A number of people who own property adjacent to the city of Washington voiced their opposition Monday to an annexation plan that’s headed for consideration by the city council.
After hearing comments and objections from landowners, the city’s planning and zoning commission unanimously approved the plan with some adjustments.
It now will be up to the council to decide whether or not to proceed with public hearings and elections on the proposal.
“We did a lot of work for the last year, tweaking this back and forth,” said John Borgmann, board member. He thanked the city staff and other commission members for their work developing the plan. “The council should look at this and be happy with it.”
Some of the opponents who voiced objections at last month’s board meeting spoke again Monday night. A common objection heard was that the city has nothing to offer property owners except additional property and utility taxes.
Others questioned the fairness of annexing large farms that the owners have no plans to develop in the future.
Several property owners in Meadowlake Farms subdivision off Pottery Road objected to being included in the plan, while others wanted to know the city’s plans for providing services to the neighborhood.
“Neither I nor my neighbors wish to be annexed,” remarked Sharon Poffinbarger. “It’s totally absurd to force this on us.”
Tom Holdmeier, board chairman, said he’s had people in the subdivision call him and express interest in being annexed. “They aren’t here because they’re afraid of angering their neighbors,” he noted.
Jeanne Schmidt said she can’t see the necessity of annexing Meadowlake Farms. “I am one of the many not interested,” she remarked, noting that the subdivision already has water and sewer service and police protection through the sheriff’s office.
Darren Lamb, community and economic development director, said the city proposes to extend water and sewer service to the subdivision and add the streets to the city’s maintenance program, but there are no plans to require the addition of curbs and gutters on streets.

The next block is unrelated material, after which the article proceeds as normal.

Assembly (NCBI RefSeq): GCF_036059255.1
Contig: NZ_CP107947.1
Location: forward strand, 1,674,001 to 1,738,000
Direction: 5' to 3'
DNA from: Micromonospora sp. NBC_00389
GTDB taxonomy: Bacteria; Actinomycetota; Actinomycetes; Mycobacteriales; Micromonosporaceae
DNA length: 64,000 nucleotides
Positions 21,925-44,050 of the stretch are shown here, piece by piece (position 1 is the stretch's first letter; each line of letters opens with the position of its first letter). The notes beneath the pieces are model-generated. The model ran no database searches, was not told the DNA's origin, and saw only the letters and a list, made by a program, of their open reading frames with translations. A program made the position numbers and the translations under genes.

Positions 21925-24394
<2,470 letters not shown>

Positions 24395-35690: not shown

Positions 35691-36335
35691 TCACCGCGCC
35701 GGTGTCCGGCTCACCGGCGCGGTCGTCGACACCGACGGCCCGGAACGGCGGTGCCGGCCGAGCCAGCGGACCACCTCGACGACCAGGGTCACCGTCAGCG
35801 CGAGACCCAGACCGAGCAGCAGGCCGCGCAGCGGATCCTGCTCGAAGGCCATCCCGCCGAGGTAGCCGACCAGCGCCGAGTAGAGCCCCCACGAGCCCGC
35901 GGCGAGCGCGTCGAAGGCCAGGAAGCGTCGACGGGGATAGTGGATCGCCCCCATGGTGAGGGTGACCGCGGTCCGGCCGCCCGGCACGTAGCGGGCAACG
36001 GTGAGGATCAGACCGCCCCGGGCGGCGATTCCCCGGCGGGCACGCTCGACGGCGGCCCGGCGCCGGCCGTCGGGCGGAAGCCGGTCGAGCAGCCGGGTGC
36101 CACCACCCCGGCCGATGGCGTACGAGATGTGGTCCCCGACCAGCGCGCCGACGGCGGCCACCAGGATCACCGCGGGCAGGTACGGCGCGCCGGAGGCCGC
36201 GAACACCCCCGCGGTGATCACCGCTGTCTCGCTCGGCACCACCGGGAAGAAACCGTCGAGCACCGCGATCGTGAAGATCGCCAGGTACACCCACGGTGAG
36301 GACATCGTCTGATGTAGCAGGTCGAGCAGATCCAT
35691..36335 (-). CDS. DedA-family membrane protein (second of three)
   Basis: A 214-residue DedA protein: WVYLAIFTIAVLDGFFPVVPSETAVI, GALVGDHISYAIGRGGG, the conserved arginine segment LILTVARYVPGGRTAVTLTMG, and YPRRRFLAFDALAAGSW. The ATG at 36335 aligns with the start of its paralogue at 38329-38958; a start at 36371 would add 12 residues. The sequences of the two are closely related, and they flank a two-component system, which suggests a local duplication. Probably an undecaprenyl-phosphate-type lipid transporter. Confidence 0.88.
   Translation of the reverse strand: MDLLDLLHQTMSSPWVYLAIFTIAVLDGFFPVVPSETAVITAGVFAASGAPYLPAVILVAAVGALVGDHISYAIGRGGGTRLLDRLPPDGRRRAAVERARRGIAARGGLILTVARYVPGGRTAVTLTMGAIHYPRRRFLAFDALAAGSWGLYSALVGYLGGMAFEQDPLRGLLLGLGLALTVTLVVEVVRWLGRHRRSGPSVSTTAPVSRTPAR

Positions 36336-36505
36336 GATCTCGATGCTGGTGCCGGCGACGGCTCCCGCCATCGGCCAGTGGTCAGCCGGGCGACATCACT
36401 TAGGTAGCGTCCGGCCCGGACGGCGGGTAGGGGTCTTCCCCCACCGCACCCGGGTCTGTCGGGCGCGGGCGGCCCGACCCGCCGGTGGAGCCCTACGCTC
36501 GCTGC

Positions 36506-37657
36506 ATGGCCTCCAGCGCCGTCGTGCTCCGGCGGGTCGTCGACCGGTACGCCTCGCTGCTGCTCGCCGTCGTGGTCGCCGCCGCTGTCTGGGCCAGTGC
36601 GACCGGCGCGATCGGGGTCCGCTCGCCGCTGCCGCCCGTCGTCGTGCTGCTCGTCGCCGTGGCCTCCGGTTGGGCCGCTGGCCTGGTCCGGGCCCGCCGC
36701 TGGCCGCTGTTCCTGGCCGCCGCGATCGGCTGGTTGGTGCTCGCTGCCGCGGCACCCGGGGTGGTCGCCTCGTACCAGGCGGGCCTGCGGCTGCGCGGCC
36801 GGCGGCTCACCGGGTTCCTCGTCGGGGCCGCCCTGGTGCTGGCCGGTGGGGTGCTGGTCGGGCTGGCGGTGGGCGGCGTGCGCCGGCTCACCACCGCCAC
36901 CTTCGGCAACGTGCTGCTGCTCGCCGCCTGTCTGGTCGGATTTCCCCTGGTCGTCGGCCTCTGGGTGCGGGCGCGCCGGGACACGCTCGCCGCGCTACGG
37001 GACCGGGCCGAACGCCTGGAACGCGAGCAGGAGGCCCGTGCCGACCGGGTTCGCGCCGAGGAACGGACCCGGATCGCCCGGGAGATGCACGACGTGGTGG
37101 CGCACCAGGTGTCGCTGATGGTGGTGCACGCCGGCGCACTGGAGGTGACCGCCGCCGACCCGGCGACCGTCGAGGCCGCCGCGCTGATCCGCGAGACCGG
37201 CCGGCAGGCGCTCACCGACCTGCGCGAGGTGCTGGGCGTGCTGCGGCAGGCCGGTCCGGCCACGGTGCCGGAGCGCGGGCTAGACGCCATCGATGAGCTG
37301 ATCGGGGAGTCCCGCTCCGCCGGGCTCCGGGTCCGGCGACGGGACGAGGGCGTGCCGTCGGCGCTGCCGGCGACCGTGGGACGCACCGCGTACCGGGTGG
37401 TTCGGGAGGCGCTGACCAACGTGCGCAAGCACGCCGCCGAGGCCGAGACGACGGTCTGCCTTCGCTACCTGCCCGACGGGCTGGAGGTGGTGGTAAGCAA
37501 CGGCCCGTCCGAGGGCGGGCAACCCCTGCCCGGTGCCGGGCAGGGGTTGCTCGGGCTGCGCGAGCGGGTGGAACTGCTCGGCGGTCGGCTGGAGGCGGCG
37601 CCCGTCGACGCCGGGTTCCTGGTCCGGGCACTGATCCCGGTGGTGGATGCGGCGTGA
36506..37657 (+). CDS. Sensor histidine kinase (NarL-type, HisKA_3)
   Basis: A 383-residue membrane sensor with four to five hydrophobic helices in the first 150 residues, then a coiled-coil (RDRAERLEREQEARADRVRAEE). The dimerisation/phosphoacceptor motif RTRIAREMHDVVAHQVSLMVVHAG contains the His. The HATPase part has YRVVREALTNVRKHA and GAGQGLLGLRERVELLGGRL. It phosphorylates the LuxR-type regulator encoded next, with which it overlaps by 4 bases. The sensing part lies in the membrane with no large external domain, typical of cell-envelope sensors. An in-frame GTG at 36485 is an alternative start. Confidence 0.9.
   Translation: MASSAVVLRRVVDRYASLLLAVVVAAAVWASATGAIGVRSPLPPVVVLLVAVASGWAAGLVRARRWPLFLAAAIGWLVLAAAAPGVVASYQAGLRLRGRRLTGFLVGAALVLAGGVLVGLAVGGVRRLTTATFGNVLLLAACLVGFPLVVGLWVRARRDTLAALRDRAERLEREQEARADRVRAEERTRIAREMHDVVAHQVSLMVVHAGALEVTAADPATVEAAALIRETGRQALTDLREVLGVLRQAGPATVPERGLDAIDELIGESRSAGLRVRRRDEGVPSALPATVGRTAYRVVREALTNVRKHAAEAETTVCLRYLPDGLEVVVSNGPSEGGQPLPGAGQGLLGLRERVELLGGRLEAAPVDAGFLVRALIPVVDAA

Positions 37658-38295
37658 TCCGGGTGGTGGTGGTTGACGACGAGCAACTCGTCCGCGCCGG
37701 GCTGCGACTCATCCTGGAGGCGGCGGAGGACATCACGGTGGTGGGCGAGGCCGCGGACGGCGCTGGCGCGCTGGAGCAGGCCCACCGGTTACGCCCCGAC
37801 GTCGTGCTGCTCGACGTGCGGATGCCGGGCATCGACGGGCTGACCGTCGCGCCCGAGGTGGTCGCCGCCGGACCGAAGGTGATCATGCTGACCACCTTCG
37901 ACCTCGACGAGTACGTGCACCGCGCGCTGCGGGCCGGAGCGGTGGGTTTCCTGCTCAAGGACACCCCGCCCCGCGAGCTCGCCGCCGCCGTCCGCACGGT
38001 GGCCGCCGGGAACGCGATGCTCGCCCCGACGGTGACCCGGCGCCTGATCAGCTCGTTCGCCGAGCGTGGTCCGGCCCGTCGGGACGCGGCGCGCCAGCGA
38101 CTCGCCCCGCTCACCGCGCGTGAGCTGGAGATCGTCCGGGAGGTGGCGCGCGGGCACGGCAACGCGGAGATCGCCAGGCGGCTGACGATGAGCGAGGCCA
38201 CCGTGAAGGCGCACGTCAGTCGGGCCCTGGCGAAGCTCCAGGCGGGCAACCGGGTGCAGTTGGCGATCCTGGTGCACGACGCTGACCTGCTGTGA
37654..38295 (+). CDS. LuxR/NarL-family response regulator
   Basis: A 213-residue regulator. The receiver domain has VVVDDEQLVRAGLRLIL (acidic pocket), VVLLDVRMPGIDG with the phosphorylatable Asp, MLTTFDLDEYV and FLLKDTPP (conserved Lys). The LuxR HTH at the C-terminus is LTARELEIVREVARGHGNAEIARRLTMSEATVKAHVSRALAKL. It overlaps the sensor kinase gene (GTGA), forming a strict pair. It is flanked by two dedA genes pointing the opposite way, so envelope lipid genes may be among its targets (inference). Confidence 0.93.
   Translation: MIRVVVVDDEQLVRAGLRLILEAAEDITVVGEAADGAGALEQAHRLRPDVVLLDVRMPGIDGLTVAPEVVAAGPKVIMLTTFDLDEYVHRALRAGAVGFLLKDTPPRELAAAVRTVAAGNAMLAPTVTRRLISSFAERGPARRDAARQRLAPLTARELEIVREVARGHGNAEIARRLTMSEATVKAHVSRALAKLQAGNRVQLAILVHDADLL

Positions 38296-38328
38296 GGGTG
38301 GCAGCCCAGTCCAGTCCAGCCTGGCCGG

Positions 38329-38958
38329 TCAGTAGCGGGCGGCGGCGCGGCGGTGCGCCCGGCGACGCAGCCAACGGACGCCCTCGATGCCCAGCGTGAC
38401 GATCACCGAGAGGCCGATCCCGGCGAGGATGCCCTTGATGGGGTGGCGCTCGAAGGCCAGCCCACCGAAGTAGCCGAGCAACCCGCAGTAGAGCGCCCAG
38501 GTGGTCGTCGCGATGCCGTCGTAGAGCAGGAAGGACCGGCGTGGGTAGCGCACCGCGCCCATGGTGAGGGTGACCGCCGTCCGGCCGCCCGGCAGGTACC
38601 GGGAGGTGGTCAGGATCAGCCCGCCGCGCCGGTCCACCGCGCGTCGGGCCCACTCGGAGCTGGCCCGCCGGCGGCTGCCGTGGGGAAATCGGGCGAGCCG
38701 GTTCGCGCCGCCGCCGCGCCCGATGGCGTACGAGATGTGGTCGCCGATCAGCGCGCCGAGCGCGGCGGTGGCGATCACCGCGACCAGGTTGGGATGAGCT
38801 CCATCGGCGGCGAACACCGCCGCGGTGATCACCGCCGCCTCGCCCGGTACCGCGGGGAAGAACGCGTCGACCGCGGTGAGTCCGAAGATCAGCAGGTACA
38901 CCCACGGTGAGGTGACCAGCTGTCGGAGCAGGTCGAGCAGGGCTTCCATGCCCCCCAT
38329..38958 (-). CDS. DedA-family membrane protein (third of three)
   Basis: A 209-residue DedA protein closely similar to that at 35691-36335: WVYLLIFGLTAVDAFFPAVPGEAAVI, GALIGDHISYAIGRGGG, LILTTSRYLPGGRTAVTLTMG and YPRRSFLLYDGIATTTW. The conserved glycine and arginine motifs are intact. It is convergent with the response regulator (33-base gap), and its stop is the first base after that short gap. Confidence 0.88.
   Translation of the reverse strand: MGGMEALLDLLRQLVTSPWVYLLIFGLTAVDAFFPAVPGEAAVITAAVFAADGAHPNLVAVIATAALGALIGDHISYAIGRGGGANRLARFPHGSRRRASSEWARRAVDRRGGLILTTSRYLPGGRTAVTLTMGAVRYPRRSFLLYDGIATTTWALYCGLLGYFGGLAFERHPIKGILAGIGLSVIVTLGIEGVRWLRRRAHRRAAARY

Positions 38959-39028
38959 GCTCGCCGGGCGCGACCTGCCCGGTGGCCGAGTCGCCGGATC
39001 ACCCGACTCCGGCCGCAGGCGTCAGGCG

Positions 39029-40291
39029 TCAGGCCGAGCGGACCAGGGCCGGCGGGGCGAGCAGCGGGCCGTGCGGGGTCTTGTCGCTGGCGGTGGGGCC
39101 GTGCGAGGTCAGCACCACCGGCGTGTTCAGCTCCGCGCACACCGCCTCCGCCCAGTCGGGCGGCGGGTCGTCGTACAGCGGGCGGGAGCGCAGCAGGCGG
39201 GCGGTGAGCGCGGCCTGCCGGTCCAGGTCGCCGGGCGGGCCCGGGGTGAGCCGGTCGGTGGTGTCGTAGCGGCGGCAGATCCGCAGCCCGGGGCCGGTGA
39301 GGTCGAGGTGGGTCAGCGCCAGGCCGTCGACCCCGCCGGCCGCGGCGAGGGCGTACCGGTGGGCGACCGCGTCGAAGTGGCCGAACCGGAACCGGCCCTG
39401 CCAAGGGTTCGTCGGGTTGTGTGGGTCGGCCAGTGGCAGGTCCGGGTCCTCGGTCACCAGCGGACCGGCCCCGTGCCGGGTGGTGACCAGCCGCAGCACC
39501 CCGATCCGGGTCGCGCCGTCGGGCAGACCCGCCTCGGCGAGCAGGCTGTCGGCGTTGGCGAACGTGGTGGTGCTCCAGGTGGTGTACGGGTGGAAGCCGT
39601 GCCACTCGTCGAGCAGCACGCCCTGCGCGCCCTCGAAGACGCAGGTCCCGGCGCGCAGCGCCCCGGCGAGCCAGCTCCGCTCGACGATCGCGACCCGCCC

The city has an easement to extend High Street, which is east of Meadowlake Farms, to the south, but there is no set plan to build a road to connect the subdivision with High Street, Lamb said.
The city’s policy is to take over maintenance of streets with a minimum width of 16 feet, explained City Engineer Dan Boyce. He said all streets added to the city would be evaluated and placed on the regular maintenance schedule based on the evaluation.
“The big thing is you’ll get better water service for fire protection,” Holdmeier told residents.
“You have no fire protection now,” said Borgmann, a member of the Washington Fire Department. “You have 6-inch water mains that are fed by a 2-inch water district main.” He said crews will have to haul water from the city in tanker trucks to fight a structure fire in the subdivision.
Some opponents suggested the city is proposing the annexation plan in order to get additional revenue.
Holdmeier said the amount of taxes that would be generated would not have a significant impact on the city budget. City officials said the increased tax revenue would be offset by the cost of extending services.
“That’s not why we’re proposing annexation,” replied Mayor Sandy Lucy. She noted that as “good stewards” it makes sense to plan for future growth and take in areas that are contiguous to the current city limits.
The board also heard opposition from residents who live in the Barrett Estates subdivision off South Point Road, and Betsy Lane, off of Highway 100, north of Vossbrink Drive.
Residents along South Point Road also have been campaigning for months against annexation in those areas.
Opponents in all of the areas have submitted petitions and letters requesting to be removed from the plan. Those will all be made a part of the record as the process moves forward.